Remembering Coventry’s Carol

Lisa Brunetti, an artist and friend who blogs from her home in Ecuador, stopped by The Task at Hand recently to share some Christmas memories. While visiting friends who live next to the Catholic church in her town, she noticed many people on their way to Christmas Eve Mass who were carrying the Christ-child from their families’ nativity scenes. The babies were placed on the altar and then, at midnight, each was carried back home and returned to its manger. Her friends’ manger, in front of their shop, was surrounded by chairs. Through the course of the evening, people took turns stopping by, sitting and singing songs until the Baby Jesus was safely home.

It’s a lovely tradition, echoed here in the United States by families and congregations who leave the manger empty until Christmas Day.  Still, it’s worth considering that different contexts can help to transform one culture’s sincere expression of faith into something quite different.  In the United States, we’re clearly tempted toward sentimentality. With Baby Jesus tucked away in his manger, we sigh over the loveliness of his mother, admire the steadfastness of his father, give a nod to his humble surroundings and go our way. What comes next isn’t our concern. Continue reading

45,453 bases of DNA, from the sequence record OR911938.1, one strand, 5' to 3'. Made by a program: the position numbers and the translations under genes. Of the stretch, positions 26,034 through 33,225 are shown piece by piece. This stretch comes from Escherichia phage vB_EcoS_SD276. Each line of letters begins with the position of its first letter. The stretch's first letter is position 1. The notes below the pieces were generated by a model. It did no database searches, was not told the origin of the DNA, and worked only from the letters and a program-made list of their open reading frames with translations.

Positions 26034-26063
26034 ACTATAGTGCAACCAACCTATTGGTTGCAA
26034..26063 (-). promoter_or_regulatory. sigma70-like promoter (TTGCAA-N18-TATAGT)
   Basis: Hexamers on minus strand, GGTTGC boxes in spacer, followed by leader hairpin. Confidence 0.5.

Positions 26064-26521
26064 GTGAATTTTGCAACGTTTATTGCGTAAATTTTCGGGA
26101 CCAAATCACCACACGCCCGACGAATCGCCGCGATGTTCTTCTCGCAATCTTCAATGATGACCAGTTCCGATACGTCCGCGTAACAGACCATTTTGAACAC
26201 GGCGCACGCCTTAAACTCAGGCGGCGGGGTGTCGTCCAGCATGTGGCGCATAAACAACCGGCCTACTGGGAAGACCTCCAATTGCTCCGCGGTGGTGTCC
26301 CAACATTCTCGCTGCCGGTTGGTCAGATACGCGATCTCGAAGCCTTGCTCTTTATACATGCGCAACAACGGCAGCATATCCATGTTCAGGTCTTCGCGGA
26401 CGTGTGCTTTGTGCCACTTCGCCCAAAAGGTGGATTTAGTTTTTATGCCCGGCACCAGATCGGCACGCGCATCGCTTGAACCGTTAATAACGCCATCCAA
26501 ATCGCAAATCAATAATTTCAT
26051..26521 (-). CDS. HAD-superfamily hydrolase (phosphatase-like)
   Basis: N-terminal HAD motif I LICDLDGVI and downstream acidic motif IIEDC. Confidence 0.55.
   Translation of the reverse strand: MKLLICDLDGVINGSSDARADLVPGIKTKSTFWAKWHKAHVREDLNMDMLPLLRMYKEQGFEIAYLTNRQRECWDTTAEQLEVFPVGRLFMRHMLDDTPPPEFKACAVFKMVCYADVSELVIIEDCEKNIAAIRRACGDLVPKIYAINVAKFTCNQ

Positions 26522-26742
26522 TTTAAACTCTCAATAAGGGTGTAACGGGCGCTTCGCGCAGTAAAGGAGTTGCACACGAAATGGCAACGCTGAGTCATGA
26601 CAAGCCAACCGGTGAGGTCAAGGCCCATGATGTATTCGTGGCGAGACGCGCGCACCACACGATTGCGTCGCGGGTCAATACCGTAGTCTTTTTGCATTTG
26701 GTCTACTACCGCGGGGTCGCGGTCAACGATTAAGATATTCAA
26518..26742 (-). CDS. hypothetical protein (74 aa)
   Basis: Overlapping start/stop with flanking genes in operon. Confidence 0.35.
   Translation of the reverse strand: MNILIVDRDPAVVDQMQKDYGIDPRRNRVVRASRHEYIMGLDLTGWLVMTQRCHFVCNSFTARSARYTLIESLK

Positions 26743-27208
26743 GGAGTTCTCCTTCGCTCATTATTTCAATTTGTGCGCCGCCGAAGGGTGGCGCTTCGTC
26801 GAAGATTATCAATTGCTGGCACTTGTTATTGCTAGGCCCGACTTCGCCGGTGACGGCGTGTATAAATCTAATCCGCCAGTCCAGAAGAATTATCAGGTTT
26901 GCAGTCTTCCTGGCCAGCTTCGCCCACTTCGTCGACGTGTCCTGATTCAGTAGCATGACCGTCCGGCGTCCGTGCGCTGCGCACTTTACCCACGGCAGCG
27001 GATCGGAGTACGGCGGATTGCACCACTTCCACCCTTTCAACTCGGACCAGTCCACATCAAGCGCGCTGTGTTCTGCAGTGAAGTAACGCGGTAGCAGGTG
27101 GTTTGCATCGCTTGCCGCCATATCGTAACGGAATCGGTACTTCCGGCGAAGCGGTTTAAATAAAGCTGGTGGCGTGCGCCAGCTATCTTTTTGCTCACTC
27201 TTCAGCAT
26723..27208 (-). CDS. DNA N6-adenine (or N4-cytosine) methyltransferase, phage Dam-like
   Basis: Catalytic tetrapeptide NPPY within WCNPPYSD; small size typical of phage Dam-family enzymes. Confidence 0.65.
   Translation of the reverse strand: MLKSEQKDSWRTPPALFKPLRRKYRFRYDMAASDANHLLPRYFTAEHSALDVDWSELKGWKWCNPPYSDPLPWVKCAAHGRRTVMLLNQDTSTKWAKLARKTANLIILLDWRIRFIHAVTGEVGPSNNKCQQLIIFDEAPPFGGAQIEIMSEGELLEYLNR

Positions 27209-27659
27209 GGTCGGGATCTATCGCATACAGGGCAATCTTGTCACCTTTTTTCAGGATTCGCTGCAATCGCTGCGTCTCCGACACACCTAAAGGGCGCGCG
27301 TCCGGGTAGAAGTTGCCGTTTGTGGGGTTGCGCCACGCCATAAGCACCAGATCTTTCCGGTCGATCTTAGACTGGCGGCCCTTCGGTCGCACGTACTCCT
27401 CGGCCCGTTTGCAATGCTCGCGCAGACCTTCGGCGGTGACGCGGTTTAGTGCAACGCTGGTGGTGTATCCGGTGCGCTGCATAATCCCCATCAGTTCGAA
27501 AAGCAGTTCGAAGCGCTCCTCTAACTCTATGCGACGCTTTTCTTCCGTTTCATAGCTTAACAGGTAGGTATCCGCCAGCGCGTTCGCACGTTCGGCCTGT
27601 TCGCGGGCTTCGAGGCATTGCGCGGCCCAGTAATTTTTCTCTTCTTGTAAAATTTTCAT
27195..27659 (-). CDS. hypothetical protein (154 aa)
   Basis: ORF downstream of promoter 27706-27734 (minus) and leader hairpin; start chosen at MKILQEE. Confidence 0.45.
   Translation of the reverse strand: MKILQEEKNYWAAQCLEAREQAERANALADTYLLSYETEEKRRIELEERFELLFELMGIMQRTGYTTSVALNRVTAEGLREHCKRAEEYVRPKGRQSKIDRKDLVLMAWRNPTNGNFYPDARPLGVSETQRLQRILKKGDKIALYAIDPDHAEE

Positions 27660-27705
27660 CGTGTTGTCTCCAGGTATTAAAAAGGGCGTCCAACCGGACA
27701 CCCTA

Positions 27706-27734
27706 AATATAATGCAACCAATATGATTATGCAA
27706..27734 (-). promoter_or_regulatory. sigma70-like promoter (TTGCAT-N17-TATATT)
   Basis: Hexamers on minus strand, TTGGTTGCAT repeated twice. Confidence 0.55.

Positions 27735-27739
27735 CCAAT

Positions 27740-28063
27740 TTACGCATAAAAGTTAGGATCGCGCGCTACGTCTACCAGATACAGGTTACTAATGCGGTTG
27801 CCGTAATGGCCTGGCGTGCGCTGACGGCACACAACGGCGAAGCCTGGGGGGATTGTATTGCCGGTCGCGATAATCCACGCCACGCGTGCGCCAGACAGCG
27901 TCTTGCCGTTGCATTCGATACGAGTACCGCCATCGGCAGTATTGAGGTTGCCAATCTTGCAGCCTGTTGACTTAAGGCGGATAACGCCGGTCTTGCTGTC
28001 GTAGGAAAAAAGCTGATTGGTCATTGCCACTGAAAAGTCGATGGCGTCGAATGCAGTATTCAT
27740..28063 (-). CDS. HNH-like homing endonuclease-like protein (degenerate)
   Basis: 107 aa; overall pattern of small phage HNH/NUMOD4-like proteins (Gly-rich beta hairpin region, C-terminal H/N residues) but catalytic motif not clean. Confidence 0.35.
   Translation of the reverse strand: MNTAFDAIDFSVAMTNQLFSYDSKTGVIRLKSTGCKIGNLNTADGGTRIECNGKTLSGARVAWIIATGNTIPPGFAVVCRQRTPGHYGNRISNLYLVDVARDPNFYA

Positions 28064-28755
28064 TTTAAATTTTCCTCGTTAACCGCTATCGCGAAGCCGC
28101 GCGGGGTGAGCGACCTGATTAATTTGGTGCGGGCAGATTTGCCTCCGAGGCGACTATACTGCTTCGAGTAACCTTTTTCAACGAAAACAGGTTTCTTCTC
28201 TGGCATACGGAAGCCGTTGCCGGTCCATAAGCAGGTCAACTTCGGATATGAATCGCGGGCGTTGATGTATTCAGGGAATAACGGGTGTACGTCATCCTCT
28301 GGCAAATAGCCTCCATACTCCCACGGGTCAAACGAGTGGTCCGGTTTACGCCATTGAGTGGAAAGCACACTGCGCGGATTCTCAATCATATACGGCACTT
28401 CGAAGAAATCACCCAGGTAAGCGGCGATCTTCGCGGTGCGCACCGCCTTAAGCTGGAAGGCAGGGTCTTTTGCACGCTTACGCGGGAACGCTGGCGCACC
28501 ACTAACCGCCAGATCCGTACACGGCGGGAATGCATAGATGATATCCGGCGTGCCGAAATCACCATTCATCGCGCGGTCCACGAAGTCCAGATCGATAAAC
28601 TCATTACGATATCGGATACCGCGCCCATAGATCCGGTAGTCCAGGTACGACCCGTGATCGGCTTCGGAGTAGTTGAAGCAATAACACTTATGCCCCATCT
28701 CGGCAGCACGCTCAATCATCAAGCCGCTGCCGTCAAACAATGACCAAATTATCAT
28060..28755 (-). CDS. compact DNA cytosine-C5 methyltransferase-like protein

An End to Cutting and Choosing

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I never believed the old family story that my first word was “Why?”  Still, there’s no doubt I was an early questioner, indiscriminate in my curiosity. “Where do clouds go when they aren’t here?” “Is it dark inside an egg? Are the baby birds afraid?” “Why don’t you like  Mrs. Wilster?”  “Did God make his nose funny like that?” “Why can’t I have cake for breakfast?”

I was full of questions – about the world, about adults and even about the cloud of secrets I sensed floating across my sunny young life.  Given my willingness to question everything in sight, it seems strange I never asked about my lack of sisters and brothers. Even though my friends had them, siblings still reminded me of woolly wormswalking sticks and puff balls. Some of them were creepy and mysterious. Others appeared to be harmless but capable of annoying mischief. When little kids need help from someone bigger, taller or stronger siblings can be useful, but in the end my friends and I were happiest when they decided to leave us alone. Continue reading